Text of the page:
Objective: This study aimed to determine if the antioxidant N-acetylcysteine (NAC) is able to alter peripheral and central redox capabilities in patients with Parkinson disease (PD) or Gaucher disease (GD).
Methods: The study included nondemented adult subjects: 3 with PD, 3 with GD, and 3 healthy controls. Baseline brain glutathione (GSH) concentrations were measured using 7-T magnetic resonance spectroscopy (MRS). Baseline blood reduced-to-oxidized GSH ratios were determined for each subject. Brain GSH concentrations and blood redox ratios were then determined during and at specified time points after a single, 150-mg/kg NAC infusion.
Results: N-acetylcysteine increased blood GSH redox ratios in those with PD and GD and healthy controls, which was followed by an increase in brain GSH concentrations in all subjects.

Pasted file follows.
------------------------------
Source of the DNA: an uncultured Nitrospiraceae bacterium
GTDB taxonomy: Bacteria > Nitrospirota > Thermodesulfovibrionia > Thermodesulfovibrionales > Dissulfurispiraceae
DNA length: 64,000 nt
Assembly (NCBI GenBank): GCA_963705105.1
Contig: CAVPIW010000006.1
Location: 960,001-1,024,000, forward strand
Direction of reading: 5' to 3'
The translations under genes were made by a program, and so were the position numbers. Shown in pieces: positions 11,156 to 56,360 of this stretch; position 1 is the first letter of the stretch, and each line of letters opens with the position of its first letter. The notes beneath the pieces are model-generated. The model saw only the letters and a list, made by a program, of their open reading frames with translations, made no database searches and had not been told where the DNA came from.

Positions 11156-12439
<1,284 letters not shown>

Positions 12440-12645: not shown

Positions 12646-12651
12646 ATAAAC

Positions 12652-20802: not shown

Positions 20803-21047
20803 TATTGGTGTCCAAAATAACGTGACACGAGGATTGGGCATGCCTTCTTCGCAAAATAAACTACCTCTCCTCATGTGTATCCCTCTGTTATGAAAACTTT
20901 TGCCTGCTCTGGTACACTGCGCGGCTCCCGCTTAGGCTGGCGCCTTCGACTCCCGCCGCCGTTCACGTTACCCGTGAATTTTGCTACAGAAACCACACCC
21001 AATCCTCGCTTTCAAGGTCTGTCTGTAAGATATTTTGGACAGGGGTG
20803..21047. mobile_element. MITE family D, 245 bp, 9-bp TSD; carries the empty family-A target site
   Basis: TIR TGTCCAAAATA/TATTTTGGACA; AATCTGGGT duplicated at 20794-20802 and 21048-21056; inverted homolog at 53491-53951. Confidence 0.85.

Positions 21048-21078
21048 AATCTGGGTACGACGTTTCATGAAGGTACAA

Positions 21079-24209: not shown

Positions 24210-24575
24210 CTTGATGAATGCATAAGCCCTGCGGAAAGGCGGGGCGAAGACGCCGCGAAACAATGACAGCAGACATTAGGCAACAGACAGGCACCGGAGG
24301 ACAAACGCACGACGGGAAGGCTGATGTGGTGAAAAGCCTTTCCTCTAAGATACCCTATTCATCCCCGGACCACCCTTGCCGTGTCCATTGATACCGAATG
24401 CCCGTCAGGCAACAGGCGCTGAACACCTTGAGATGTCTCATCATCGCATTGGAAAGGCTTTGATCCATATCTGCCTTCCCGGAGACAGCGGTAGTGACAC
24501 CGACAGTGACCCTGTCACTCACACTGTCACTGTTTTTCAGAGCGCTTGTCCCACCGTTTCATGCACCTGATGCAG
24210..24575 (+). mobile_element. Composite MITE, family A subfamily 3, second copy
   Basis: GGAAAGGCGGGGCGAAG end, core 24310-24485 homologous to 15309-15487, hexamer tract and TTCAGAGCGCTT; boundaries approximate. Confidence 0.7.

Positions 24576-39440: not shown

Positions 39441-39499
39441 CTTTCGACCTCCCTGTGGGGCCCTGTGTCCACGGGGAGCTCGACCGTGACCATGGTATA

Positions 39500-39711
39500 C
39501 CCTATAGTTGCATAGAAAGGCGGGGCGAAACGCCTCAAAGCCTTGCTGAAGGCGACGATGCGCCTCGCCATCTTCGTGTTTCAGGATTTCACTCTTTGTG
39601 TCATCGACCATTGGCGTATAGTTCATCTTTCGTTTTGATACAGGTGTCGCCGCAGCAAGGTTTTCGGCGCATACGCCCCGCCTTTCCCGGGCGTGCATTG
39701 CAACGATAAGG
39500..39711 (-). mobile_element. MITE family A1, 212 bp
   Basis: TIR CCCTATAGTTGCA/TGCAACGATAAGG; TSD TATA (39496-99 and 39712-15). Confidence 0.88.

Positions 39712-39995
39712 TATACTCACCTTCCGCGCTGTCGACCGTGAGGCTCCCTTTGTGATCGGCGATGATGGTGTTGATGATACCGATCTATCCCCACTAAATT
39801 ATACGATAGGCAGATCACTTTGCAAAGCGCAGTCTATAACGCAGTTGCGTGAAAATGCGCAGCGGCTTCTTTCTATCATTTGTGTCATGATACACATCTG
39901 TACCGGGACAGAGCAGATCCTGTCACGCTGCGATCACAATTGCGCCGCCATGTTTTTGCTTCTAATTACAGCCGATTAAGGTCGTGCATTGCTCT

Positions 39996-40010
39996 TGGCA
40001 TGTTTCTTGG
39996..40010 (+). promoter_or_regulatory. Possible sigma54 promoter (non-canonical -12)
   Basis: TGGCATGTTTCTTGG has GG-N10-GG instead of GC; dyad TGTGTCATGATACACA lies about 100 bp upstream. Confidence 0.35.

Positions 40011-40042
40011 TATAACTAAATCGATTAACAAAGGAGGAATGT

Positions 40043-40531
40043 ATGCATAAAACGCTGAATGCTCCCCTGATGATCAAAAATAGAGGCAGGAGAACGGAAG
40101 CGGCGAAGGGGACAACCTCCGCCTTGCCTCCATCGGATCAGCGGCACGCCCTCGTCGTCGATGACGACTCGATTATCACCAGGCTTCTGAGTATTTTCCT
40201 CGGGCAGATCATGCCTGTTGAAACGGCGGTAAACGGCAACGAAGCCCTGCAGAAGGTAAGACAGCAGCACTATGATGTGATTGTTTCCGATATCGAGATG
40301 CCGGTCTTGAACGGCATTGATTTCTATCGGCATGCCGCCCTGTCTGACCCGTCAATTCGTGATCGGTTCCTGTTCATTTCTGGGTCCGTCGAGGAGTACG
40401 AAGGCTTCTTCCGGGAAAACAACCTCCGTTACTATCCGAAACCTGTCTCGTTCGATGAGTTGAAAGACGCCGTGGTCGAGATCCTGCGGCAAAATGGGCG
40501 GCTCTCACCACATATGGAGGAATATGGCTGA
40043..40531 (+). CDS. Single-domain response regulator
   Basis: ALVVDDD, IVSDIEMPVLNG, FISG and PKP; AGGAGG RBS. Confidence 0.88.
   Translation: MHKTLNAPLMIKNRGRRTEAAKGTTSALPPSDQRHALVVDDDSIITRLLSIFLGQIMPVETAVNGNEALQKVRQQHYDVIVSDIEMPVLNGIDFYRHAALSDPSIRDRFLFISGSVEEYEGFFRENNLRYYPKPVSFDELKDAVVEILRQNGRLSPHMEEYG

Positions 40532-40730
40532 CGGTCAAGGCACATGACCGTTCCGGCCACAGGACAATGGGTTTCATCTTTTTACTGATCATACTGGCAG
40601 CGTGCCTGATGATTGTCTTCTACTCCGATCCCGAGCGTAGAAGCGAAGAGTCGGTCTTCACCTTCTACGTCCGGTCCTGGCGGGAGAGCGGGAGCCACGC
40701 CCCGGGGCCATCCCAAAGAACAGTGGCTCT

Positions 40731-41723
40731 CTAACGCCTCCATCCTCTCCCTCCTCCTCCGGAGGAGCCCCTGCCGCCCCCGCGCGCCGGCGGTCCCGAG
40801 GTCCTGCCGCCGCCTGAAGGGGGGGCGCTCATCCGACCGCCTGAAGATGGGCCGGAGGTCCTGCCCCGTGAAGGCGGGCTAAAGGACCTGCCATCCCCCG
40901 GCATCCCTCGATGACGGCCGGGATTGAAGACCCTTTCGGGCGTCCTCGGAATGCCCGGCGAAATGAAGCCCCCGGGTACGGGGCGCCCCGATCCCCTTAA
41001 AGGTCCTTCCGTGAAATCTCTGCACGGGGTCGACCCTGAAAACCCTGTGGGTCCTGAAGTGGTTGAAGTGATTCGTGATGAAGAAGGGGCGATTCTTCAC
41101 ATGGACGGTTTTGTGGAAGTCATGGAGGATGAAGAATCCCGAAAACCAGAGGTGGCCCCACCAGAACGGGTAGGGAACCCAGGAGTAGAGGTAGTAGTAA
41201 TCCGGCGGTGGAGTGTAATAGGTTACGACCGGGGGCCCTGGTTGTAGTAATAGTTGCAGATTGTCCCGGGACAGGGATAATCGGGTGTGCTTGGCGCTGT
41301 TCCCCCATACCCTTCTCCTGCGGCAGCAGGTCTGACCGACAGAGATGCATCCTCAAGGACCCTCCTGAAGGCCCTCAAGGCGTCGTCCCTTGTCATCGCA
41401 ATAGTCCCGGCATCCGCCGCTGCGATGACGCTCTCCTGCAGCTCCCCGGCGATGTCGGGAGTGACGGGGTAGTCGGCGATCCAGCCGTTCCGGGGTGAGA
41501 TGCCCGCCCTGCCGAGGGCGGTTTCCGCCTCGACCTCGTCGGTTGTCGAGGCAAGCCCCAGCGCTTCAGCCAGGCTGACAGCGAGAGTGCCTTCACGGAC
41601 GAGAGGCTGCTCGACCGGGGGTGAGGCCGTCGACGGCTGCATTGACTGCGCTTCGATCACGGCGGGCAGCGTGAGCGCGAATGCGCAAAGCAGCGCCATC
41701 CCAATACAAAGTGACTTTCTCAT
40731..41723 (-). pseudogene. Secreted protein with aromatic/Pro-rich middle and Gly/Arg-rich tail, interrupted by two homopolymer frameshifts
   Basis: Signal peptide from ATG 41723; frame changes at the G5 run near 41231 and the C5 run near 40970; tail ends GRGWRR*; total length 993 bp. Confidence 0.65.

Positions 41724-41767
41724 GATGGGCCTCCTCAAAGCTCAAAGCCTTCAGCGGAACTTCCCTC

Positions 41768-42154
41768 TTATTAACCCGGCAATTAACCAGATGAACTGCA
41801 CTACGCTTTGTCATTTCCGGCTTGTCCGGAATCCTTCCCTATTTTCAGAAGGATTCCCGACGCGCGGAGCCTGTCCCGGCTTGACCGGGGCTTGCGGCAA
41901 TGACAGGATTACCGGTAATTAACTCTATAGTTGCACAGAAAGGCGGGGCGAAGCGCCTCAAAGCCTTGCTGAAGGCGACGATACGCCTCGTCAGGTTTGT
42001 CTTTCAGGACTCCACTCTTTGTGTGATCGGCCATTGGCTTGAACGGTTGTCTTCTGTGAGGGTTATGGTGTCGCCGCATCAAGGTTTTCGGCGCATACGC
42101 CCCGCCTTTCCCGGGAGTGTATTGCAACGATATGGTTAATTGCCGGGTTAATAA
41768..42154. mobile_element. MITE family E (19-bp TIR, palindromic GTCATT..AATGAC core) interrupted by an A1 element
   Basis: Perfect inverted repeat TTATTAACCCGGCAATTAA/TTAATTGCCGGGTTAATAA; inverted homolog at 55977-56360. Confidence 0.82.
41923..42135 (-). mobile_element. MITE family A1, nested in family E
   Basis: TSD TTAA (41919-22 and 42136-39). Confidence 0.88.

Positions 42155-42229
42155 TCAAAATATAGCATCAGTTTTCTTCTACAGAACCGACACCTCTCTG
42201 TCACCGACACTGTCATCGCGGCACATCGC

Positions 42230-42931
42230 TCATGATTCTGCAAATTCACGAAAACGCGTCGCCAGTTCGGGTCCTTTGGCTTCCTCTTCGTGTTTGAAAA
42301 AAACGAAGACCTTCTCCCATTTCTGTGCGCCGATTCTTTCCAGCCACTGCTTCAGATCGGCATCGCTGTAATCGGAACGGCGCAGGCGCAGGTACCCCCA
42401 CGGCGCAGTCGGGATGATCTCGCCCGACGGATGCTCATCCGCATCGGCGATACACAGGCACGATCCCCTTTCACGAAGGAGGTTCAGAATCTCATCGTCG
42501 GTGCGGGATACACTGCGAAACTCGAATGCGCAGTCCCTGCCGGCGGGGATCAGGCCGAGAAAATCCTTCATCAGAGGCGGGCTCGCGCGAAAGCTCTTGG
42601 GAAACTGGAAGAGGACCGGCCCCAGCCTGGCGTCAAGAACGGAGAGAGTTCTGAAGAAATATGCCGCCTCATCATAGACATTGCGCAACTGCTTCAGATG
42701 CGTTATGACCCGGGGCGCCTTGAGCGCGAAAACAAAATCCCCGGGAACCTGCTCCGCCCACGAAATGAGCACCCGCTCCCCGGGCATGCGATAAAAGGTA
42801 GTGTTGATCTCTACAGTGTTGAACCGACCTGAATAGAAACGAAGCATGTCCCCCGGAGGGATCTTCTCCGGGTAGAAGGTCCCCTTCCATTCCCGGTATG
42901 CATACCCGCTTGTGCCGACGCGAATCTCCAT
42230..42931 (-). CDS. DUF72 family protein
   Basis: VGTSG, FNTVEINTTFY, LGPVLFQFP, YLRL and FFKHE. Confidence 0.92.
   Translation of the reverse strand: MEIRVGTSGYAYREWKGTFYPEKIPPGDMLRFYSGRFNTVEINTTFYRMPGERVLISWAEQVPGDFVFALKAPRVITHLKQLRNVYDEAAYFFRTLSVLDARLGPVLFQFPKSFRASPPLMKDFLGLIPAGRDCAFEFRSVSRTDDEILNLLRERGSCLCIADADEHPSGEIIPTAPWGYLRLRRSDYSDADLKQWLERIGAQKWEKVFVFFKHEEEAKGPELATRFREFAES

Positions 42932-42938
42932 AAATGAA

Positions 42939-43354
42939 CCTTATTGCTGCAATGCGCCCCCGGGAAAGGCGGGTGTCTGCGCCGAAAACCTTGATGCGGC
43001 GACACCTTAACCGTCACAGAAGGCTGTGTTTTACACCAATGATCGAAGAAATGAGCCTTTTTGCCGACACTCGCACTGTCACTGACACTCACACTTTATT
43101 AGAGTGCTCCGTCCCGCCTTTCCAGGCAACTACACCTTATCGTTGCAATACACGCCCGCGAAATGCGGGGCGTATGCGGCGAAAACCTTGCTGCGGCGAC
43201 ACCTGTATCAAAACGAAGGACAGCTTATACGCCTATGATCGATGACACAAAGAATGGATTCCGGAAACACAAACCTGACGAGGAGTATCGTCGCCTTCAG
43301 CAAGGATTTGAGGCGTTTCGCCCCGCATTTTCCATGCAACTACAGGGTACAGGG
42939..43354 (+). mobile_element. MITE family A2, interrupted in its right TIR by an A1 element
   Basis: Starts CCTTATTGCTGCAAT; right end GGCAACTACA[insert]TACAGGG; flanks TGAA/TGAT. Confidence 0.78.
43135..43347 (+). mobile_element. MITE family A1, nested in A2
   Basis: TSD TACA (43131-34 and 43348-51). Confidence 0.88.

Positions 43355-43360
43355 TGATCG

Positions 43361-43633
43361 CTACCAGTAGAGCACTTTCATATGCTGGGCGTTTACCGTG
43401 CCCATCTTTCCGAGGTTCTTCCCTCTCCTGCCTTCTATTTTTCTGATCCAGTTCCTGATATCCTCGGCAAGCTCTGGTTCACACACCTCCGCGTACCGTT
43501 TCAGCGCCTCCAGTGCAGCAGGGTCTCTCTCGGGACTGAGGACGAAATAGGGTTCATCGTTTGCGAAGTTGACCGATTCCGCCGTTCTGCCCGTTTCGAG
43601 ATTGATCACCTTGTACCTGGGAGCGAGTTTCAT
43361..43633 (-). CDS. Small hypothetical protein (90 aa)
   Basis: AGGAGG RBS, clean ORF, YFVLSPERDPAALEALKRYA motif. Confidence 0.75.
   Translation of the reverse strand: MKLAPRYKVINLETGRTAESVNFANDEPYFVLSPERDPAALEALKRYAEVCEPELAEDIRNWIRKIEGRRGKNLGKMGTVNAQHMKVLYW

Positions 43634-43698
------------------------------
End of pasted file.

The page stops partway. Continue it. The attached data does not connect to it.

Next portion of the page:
Conclusions: This is the first demonstration that with MRS, it is possible to directly measure and monitor increases in brain GSH levels in the human brain in response to a single, intravenous administration of NAC. This work shows the potential utility of MRS monitoring, which could assist in determining dosing regimens for clinical trials of this potentially useful antioxidant therapy for PD disease, GD, and other neurodegenerative disorders.
Trial registration: ClinicalTrials.gov NCT01427517.